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CHICAGO (Reuters) - As many as 7 percent of patients from a large U.S. hospital system had enough radiation exposure from CT scans during their lifetime to slightly raise their risk of cancer, U.S. researchers said on Tuesday.
The finding is part of an effort to develop tools that help doctors assess a patient's overall cancer risk from exposure to computed tomography, or CT scans, researchers from Brigham and Women's Hospital in Boston told a meeting of the Radiological Society of North America in Chicago.
CT scans -- a souped-up X-ray machine that rotates around the body taking different images -- speed diagnosis of illness and injuries, and are routinely used to track the advance of cancer. But a number of recent studies have raised alarms about the potential cancer risks from the radiation.
"A lot of this discussion has been very theoretical in the past. What we have been trying to do is to develop the tools to say what is a patient's level of risk based on a history of CT scans," Dr. Aaron Sodickson, who led the study, said in a telephone interview.
Sodickson and colleagues studied all patients who had a CT scan in 2007 at Brigham and Women's Hospital, or at the Dana-Farber Cancer Institute, both affiliates of Harvard Medical School in Boston.
They checked on prior CT scans from a database that includes 22 years of patient history and calculated overall radiation exposure based on the type and location of the scan to determine a lifetime risk.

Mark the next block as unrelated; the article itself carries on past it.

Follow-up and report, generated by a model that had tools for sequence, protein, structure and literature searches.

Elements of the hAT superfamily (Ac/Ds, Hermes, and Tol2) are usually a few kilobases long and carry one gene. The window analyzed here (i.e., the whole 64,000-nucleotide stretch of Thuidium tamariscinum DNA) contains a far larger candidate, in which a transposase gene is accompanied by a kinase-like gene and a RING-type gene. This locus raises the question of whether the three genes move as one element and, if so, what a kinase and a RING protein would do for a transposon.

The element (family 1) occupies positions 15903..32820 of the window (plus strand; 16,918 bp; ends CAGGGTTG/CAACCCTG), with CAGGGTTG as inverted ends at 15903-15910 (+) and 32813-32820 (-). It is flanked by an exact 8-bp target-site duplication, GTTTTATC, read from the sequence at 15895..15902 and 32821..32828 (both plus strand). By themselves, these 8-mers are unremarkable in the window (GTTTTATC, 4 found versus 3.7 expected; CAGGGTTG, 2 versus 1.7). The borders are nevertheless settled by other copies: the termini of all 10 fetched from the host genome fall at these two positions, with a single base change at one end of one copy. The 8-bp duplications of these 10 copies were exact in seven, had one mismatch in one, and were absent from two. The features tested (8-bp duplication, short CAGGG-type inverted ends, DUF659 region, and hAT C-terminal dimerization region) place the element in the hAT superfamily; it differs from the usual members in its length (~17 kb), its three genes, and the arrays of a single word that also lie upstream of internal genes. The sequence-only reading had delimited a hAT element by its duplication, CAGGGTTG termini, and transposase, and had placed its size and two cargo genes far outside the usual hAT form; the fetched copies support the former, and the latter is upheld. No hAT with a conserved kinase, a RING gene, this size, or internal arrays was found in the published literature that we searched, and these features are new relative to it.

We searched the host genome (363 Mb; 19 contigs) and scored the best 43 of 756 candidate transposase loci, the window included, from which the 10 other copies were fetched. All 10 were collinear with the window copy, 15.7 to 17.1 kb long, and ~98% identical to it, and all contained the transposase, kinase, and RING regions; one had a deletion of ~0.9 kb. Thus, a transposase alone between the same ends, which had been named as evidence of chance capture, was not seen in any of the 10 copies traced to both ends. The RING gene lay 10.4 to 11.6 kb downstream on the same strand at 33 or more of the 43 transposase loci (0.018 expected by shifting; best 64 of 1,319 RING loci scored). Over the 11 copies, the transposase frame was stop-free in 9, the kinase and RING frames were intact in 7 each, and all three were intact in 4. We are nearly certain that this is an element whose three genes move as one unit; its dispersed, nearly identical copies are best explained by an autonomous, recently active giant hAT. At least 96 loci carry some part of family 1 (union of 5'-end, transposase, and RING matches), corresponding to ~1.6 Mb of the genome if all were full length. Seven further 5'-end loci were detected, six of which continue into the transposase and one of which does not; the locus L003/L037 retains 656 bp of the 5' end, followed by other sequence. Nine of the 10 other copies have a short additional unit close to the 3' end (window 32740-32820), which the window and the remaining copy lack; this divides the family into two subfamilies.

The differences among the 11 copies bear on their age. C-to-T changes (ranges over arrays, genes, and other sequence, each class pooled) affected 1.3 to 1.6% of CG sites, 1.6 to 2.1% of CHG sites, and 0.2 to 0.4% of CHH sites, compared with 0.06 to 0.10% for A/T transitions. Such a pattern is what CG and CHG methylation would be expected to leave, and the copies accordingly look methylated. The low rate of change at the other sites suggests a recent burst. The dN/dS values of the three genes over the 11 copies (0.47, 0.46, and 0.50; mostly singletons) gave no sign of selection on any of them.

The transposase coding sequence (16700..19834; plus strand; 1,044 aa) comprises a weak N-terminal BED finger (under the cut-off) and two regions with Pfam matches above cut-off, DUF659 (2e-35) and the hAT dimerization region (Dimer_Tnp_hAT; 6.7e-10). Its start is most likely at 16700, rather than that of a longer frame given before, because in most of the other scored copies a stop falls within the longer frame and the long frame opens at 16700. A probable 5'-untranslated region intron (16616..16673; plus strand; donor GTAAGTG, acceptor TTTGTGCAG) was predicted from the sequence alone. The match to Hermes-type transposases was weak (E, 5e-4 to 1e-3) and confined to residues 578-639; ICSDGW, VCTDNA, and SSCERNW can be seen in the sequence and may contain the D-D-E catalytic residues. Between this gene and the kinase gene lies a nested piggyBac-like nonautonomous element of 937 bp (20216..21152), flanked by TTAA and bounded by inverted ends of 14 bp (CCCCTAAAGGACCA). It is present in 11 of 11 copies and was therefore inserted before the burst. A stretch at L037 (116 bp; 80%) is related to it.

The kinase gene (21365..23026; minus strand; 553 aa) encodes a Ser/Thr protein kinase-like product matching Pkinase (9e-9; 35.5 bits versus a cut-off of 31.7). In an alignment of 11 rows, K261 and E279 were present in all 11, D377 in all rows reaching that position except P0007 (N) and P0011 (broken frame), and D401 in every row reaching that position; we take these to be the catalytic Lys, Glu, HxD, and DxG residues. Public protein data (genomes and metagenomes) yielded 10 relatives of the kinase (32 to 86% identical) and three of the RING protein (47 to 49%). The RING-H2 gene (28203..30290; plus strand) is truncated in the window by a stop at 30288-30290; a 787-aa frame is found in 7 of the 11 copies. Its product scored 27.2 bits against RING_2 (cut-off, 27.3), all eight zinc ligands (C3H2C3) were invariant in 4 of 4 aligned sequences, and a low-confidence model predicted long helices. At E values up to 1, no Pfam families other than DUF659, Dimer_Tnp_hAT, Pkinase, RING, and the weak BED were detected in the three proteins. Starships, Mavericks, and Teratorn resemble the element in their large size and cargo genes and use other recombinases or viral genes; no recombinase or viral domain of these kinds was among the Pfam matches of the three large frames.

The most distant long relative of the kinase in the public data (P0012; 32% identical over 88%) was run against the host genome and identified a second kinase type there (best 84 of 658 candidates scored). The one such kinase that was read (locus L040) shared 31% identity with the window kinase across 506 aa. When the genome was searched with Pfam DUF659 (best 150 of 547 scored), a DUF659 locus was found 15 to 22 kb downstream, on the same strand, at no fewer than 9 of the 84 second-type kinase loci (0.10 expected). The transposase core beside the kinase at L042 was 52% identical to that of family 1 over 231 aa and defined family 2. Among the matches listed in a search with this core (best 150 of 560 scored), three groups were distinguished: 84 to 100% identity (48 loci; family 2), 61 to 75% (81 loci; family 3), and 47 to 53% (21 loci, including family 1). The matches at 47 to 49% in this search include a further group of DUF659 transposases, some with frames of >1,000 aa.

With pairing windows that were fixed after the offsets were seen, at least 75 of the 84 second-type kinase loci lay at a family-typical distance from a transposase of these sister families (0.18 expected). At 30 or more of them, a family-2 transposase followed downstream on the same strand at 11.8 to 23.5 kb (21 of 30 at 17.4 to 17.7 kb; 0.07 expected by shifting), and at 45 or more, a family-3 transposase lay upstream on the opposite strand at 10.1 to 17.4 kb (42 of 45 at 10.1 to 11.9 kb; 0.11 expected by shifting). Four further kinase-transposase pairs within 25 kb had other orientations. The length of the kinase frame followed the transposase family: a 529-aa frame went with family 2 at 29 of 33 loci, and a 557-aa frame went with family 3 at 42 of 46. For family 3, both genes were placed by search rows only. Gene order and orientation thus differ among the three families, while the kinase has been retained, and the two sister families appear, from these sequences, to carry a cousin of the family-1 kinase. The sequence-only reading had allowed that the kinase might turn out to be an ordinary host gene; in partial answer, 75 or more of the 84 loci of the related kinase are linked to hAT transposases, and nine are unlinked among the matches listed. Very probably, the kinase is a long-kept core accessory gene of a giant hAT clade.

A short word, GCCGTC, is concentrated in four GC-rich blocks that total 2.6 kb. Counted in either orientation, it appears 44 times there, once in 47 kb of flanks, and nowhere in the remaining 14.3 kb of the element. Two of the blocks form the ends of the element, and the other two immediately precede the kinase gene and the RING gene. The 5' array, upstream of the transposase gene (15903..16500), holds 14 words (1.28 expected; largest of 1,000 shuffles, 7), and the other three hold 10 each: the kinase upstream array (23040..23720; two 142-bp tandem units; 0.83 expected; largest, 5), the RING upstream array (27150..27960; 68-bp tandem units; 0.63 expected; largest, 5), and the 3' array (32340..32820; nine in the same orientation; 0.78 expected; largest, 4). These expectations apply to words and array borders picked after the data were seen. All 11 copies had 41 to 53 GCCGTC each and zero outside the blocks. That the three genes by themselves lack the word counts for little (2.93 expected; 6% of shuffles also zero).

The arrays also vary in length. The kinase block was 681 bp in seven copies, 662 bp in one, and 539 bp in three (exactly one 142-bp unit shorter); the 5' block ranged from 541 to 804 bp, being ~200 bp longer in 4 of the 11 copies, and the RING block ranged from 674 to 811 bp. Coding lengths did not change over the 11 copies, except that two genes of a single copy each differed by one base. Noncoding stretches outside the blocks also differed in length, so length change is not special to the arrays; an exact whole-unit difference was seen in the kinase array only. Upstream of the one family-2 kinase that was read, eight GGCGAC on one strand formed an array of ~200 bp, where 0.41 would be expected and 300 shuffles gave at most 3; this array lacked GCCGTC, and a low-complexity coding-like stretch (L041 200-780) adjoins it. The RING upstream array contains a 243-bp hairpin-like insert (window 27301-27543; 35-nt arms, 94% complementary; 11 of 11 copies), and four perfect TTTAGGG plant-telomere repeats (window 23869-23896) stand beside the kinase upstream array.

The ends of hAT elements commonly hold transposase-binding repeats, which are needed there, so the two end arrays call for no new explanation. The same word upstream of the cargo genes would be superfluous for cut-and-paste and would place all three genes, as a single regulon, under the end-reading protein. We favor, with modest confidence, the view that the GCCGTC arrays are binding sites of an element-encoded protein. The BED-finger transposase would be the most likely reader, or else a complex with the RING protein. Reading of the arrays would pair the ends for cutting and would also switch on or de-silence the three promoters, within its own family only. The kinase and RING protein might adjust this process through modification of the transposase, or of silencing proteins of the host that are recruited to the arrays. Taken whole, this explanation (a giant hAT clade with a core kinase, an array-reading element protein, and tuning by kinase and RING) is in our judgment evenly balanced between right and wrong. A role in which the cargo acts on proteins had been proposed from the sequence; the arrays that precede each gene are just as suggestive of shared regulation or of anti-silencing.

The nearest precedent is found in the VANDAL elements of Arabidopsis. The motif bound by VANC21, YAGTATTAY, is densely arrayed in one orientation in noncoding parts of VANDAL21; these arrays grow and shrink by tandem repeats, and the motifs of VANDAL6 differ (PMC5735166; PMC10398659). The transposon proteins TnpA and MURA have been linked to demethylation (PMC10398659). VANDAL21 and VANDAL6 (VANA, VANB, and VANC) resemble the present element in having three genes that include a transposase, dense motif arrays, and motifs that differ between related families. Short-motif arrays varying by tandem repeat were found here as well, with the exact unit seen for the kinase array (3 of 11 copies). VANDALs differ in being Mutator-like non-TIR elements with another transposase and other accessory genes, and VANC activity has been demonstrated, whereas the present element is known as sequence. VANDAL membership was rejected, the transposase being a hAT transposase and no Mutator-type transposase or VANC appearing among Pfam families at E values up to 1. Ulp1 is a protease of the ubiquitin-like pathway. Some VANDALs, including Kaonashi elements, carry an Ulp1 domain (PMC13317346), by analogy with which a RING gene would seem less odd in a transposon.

"We found about 7 percent of our patients did have a cancer risk that increased by 1 percent of what we would expect as a baseline cancer rate," Sodickson said.
"The next step is to use this information to improve our patient care and make better decisions."
Sodickson hopes to develop a computer alert that informs a doctor of a patient's individual cancer risk based on his or her history of CT scans. He said the alert would pop up when the doctor enters an order for a CT scan.
"Within the next year we are planning to roll this out at the Brigham to help people make better decisions. That is where we are going with this," he said.
Sodickson said for most people, the radiation exposure from CT scans is well worth the risk. But for cancer patients, who get repeated CT scans, that could raise their risk of another tumor.
"If you have a patient and you've cured their cancer, but you keep scanning them over and over to make sure the cancer is still gone, you raise their risk of a second cancer," he said.
A typical CT scan can deliver 50 to 100 times more radiation than a conventional X-ray, depending on the site being examined and the age and brand of the machine.
Some 62 million CT scans are done in the United States each year, and some studies estimate they may soon account for as much as 2 percent of all cancers.
Editing by Maggie Fox